“We may have seen the worst, but it’s too early to say for sure. However, our view remains that it’s just another correction,” said Shane Oliver of AMP Capital in a report.

Corrections of up to 15 percent “are normal,” said Oliver.

“In the absence of recession, a deep bear market is unlikely,” he said.

American employers are hiring at a healthy pace, with unemployment at a 17-year low of 4.1 percent. The housing industry is solid and manufacturing is rebounding.

Major economies around the world are growing in tandem for the first time since the Great Recession and corporate profits are on the rise. That combination usually carries stocks higher. But stock prices have climbed faster than profits in recent years. Many investors justified that by pointing out that interest rates were low and few alternatives looked like better investments. Fast rising interest rates would make that argument much less persuasive.

In currency markets, the dollar edged up to 109.18 yen from Thursday’s 108.73 yen. The euro gained to $1.2270 from $1.2248.

Benchmark U.S. crude lost 64 cents to $60.51 per barrel in electronic trading on the New York Mercantile Exchange. It fell 64 cents the previous session to $61.15.

Brent crude, used to price international oils, lost 51 cents to $64.33 in London. It retreated 70 cents on Thursday to $68.81.


WASHINGTON (AP) — The stock market may just have fired off a warning shot to the Trump administration and Congress about their plans to blow up the size of the federal deficit.

The anxiety that has gripped the market this week appeared to escalate Thursday just as President Donald Trump and lawmakers were setting the government up for annual budget deficits that would routinely exceed $1 trillion. The higher that deficits rise, the more likely it is that interest rates will surge, too, and undercut corporate profits, stock prices, consumer spending and the overall economy.

Administration officials have downplayed the risk of simultaneously slashing taxes and boosting spending, arguing that the result will be faster growth that will then shrink the debt. But the higher deficits would come just as the Federal Reserve is on course to continue — and perhaps accelerate — the pace of its short-term rate hikes. The Fed’s rate increases will likely lead, in time, to higher borrowing rates for consumers and businesses and likely slow economic growth.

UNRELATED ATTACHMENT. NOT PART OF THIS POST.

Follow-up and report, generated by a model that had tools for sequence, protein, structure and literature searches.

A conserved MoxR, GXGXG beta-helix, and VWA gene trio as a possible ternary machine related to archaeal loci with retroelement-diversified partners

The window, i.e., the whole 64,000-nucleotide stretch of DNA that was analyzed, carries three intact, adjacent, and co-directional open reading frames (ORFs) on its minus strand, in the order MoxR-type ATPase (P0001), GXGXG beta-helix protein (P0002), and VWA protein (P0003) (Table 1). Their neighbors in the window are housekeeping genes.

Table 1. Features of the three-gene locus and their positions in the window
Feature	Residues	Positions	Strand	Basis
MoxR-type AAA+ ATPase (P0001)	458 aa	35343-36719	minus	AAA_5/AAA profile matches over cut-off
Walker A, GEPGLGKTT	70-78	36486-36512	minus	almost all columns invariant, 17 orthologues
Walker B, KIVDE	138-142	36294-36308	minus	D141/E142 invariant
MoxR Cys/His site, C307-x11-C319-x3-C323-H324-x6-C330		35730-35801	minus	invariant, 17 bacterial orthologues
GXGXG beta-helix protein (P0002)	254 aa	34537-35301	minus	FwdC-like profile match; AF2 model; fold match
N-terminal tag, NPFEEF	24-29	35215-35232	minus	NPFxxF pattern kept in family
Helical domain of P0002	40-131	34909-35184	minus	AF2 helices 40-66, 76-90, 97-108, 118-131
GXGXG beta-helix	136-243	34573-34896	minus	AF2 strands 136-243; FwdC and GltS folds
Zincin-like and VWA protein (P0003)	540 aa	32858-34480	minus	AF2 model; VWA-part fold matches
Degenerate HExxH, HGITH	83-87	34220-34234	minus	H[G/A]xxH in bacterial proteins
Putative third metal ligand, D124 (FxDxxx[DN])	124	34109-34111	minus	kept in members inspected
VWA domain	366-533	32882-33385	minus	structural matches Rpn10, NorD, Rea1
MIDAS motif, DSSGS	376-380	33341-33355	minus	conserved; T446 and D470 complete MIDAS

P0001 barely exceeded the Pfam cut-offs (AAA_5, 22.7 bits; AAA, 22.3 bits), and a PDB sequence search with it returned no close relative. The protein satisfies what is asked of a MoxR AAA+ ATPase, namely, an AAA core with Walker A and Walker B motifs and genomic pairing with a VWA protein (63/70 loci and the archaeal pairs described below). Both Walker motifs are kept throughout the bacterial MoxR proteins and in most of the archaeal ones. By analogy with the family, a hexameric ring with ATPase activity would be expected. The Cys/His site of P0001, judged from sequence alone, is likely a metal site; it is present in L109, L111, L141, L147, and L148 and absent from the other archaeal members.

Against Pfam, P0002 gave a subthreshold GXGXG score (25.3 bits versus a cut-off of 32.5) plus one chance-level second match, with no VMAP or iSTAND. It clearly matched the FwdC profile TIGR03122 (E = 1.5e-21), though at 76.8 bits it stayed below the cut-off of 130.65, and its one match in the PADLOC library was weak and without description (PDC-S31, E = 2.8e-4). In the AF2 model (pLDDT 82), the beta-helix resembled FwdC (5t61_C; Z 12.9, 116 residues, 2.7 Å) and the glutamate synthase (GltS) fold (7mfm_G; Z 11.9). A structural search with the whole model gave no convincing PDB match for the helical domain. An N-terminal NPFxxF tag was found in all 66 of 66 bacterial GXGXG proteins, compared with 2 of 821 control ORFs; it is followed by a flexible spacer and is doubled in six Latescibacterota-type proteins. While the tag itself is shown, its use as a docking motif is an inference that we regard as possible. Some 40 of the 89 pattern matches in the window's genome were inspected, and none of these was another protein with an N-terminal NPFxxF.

One tenet of modern economics has been that the government should run higher deficits during a recession to help the economy heal but then reduce those deficits when the economy is relatively healthy, as it is now.

The market’s plunge over the past week was initially ignited by fears of higher inflation and interest rates. But investors have also had to consider a new threat: A two-year government funding deal that would add about $300 billion to budget deficits from higher spending. The Fed might have to respond by raising rates more aggressively to counter the stimulative effect of the spending increases.

Increasing budget deficits deliver a “double whammy” to investors, said Mark Zandi, chief economist at Moody’s Analytics. “Treasury is going to be issuing a lot more bonds to finance deficit-financed tax cuts and spending increases … and the Federal Reserve will have to be more aggressive in raising interest rates” to offset the stimulus.